A Survey of the System N of Natural Numbers Assigned to Primary Teachers
Abstract: From our standpoint, a school teacher should be acquainted, in a deeper way, with the content of teaching themes which are on school curricula. In case of primary teachers and their preparation for teaching mathematics, they should have a solid knowledge of the properties of the system N of natural numbers and an understanding of its position as being a basis upon which all other number systems are built. Up to some degree, these teachers should also be acquainted with further extensions of number systems going along the line as it is done in school: natural—positive rational—integer—rational—real numbers. These extensions are enlightened by Peacock’s principle of invariance of the form—a rule derived for natural numbers, when expressed in general form (as a literal relation) continues to hold true in all extended systems. In Section 2 of this survey, a precise terminology is fixed which is needed for the study of the system N and in particular, for making a difference between syntactic and semantic concepts. The Cantor principle which expresses the dependence of conception of number on perception of set is also formulated and largely exploited in this paper. In Section 3, several rules are derived when different expressions denoting two different groupings of elements of a set are equated. Forgetting that the variables are bound to N, all these rules also express the properties of the extended number systems, as well as they are algebraic laws or their derivatives. At the end, discovering of rules of correspondence of sequences given by a number of their initial terms is considered as a type of exercises which help the development of the idea of variable. Some cases of finding formulae for sums of consecutive natural numbers are also included. This paper is intended to be a paradigmatic example how a mathematical content has to be elaborated to serve best the school teachers to deepen their knowledge of subject matter. 1. Introduction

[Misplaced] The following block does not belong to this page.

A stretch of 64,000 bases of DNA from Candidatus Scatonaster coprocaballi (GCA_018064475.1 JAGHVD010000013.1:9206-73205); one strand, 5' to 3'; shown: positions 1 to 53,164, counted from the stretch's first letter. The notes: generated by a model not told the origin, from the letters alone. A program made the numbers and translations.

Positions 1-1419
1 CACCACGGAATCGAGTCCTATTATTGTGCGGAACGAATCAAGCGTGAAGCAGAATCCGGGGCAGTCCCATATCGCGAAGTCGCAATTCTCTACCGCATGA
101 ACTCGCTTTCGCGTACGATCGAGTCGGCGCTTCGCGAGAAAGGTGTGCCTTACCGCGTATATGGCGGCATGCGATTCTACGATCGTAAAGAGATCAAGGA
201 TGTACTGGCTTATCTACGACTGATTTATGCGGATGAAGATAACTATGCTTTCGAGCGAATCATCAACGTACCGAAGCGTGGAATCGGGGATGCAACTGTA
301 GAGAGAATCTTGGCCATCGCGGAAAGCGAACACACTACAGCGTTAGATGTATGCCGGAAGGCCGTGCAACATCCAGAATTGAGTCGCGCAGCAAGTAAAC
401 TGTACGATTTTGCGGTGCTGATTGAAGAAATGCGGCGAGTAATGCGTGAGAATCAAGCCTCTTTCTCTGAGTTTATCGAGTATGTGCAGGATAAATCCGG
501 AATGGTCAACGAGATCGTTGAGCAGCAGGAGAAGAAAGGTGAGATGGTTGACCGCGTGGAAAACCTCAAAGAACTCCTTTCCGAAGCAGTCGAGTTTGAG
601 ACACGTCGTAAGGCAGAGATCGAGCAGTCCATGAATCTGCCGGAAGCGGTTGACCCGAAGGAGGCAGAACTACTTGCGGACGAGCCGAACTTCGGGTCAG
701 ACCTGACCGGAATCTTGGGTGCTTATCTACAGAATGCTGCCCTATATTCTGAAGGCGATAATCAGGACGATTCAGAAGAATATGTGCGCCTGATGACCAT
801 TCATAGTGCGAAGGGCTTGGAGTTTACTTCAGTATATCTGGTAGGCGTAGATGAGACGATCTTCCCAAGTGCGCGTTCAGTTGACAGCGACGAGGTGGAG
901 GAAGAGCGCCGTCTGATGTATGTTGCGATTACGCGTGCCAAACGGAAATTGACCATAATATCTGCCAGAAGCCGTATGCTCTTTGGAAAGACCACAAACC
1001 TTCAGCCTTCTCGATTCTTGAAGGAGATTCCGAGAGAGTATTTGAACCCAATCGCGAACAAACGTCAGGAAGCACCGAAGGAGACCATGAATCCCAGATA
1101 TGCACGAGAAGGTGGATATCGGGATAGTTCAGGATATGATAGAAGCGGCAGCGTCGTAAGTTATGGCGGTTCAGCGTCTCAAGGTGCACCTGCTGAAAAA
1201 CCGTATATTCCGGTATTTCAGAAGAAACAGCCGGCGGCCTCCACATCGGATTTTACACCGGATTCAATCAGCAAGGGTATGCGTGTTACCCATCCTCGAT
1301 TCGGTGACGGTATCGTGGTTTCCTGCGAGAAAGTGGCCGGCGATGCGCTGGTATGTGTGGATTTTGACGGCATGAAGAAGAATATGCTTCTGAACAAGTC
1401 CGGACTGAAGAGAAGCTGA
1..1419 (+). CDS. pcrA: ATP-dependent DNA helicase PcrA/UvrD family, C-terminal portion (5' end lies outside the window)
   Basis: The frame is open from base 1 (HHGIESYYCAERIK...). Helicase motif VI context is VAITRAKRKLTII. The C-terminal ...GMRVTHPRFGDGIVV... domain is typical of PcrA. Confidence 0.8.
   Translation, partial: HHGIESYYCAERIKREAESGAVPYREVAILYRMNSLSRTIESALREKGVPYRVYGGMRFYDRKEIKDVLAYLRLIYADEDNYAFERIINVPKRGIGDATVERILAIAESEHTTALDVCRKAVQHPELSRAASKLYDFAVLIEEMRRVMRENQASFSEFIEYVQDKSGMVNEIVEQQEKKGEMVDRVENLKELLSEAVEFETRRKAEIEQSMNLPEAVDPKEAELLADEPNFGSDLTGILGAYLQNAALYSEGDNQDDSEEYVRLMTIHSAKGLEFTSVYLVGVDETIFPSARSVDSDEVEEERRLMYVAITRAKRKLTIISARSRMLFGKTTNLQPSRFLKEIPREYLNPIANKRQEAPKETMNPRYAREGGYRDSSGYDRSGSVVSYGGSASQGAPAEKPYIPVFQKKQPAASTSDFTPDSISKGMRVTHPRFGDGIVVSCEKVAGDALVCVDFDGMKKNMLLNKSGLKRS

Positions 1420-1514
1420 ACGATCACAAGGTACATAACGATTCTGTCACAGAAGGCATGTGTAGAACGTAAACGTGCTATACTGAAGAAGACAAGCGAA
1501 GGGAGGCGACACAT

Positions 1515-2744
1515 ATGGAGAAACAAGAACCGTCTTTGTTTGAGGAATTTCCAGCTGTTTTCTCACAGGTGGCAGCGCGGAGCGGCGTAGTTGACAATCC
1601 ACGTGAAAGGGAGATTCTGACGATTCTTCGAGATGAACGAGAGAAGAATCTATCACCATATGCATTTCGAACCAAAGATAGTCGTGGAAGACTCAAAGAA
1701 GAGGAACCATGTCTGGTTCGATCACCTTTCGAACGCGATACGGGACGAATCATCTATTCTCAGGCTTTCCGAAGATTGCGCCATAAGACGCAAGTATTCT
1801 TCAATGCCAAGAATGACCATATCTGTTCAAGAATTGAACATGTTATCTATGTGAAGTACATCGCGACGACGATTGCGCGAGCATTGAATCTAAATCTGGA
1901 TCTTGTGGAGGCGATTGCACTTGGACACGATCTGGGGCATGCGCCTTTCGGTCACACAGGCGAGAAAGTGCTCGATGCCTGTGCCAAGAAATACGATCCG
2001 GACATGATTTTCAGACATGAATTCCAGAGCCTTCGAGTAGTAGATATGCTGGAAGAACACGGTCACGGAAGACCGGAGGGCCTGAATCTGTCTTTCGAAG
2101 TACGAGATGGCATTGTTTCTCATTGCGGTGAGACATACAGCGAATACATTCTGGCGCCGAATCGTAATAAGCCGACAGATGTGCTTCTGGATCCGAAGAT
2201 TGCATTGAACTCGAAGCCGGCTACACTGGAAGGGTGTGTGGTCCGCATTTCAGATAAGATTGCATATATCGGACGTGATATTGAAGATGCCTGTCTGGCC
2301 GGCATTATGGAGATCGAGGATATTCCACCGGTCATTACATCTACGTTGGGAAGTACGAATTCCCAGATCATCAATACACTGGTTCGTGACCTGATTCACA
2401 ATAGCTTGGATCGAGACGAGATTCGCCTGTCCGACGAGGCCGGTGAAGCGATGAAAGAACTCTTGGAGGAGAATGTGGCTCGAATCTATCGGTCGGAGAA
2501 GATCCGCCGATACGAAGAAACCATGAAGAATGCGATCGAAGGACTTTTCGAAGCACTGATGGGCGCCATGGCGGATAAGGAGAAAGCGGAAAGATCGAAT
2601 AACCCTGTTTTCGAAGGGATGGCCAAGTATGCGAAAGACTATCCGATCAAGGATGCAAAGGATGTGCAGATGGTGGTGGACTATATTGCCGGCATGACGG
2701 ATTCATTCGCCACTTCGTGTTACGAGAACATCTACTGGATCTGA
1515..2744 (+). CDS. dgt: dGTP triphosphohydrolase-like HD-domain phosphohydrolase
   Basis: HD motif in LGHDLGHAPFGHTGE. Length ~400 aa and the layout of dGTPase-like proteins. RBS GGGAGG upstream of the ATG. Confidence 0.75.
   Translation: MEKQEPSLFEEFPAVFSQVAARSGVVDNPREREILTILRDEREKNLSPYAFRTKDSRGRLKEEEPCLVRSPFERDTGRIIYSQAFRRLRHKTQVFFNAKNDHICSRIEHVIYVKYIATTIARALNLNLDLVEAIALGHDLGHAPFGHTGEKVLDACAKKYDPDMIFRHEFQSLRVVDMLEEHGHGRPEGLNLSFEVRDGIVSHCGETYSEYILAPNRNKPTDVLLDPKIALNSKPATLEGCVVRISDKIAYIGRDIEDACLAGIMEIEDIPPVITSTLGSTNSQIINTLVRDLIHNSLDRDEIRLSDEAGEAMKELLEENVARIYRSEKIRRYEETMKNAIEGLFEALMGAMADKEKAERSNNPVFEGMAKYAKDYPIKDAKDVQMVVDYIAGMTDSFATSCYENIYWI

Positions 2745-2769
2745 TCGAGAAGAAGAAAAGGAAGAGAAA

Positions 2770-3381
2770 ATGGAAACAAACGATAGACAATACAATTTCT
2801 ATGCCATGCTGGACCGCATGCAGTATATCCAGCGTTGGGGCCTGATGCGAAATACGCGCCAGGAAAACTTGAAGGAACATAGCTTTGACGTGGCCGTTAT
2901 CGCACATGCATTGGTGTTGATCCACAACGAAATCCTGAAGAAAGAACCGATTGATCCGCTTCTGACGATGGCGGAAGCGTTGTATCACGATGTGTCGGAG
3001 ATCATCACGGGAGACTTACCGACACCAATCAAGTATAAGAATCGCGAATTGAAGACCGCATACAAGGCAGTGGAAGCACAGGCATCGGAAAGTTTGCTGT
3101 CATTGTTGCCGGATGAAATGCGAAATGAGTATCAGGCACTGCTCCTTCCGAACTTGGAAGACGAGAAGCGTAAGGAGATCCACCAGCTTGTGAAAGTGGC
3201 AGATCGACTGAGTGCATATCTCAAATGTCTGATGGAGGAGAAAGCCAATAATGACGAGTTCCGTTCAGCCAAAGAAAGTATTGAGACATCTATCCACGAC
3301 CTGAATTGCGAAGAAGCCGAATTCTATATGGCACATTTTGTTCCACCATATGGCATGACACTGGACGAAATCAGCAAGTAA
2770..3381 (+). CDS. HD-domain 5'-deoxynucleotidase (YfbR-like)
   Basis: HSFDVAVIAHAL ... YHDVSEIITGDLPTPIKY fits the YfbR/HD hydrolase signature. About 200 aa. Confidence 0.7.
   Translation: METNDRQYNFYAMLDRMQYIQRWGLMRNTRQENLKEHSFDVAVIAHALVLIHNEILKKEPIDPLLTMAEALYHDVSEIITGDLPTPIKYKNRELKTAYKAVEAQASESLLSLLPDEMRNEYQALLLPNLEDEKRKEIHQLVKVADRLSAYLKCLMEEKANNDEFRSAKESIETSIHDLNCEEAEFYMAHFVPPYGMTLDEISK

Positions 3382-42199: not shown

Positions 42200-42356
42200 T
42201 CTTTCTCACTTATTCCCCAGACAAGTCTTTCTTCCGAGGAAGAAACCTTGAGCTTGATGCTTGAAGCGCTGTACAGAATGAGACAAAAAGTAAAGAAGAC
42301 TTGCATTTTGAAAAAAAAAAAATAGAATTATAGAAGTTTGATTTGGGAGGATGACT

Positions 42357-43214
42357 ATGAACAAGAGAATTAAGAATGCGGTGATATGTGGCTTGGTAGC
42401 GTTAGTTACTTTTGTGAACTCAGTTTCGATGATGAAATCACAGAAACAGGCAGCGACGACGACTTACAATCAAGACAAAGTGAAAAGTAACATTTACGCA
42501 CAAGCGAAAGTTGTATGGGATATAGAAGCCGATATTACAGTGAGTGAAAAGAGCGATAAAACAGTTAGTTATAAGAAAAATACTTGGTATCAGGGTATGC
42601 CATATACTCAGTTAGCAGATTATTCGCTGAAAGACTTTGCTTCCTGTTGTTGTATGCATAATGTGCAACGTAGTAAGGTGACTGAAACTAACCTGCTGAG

The students at the institutions where primary school teachers are educated usually have on their curricula: a course of mathematics and a course of didactics of mathematics. The main aim of the latter of these courses is a clear presentation of the ways how teaching themes of primary school mathematics are elaborated to serve best the learner. But the ideas what should be the content of the former course vary considerably from country to country (and from institution to institution). Some of those ideas could be rather idealistic, for example, when the content contains elements of differential and integral calculus, elements of abstract algebra, etc. and when it is supposed that further and further learning of mathematics at upper levels deepens the knowledge of these students, but, in reality, it usually burdens them too much. We find that the content of this course has to be subordinate to the needs of the course of didactics of mathematics and one of its central themes should be “Repetition of School Mathematics”.

Though the title of the above theme connotes a repetition, it does not mean that the same things (school math content) should be treated in exactly the same way as they are presented in the classroom. Actually, this content should be exposed in a deeper way, much beyond its didactical transformations found in school books. As the concepts synthesized in primary mathematics are developed further at the proximate stages of learning in the upper classes of elementary school, primary mathematics together with this further development is the school mathematics that is the subject of this repetition. To be more precise, the content that we have in mind should contain a clear and deeper exposition of extensions of number systems up along the way as it is done in school: N, (natural numbers); Q+ (positive rationals); Z (integers); Q (rationals); R (reals). These extensions are enlightened by Peacock’s principle of the permanence of form (   ). This principle says that a rule derived for the natural numbers, when expressed in general form (as a literal relation) continues to hold true in all extended systems. Therefore, we see that the starting point is the system N, which is also teaching and learning theme of primary mathematics. (A primary teacher is often directed wrongly to upper classes math, there to learn properties of arithmetic operations, though all such properties are carried over from the system N to its further extensions. Thus, a thorough acquaintance with the properties of operations in N is essential for both primary and all math teachers).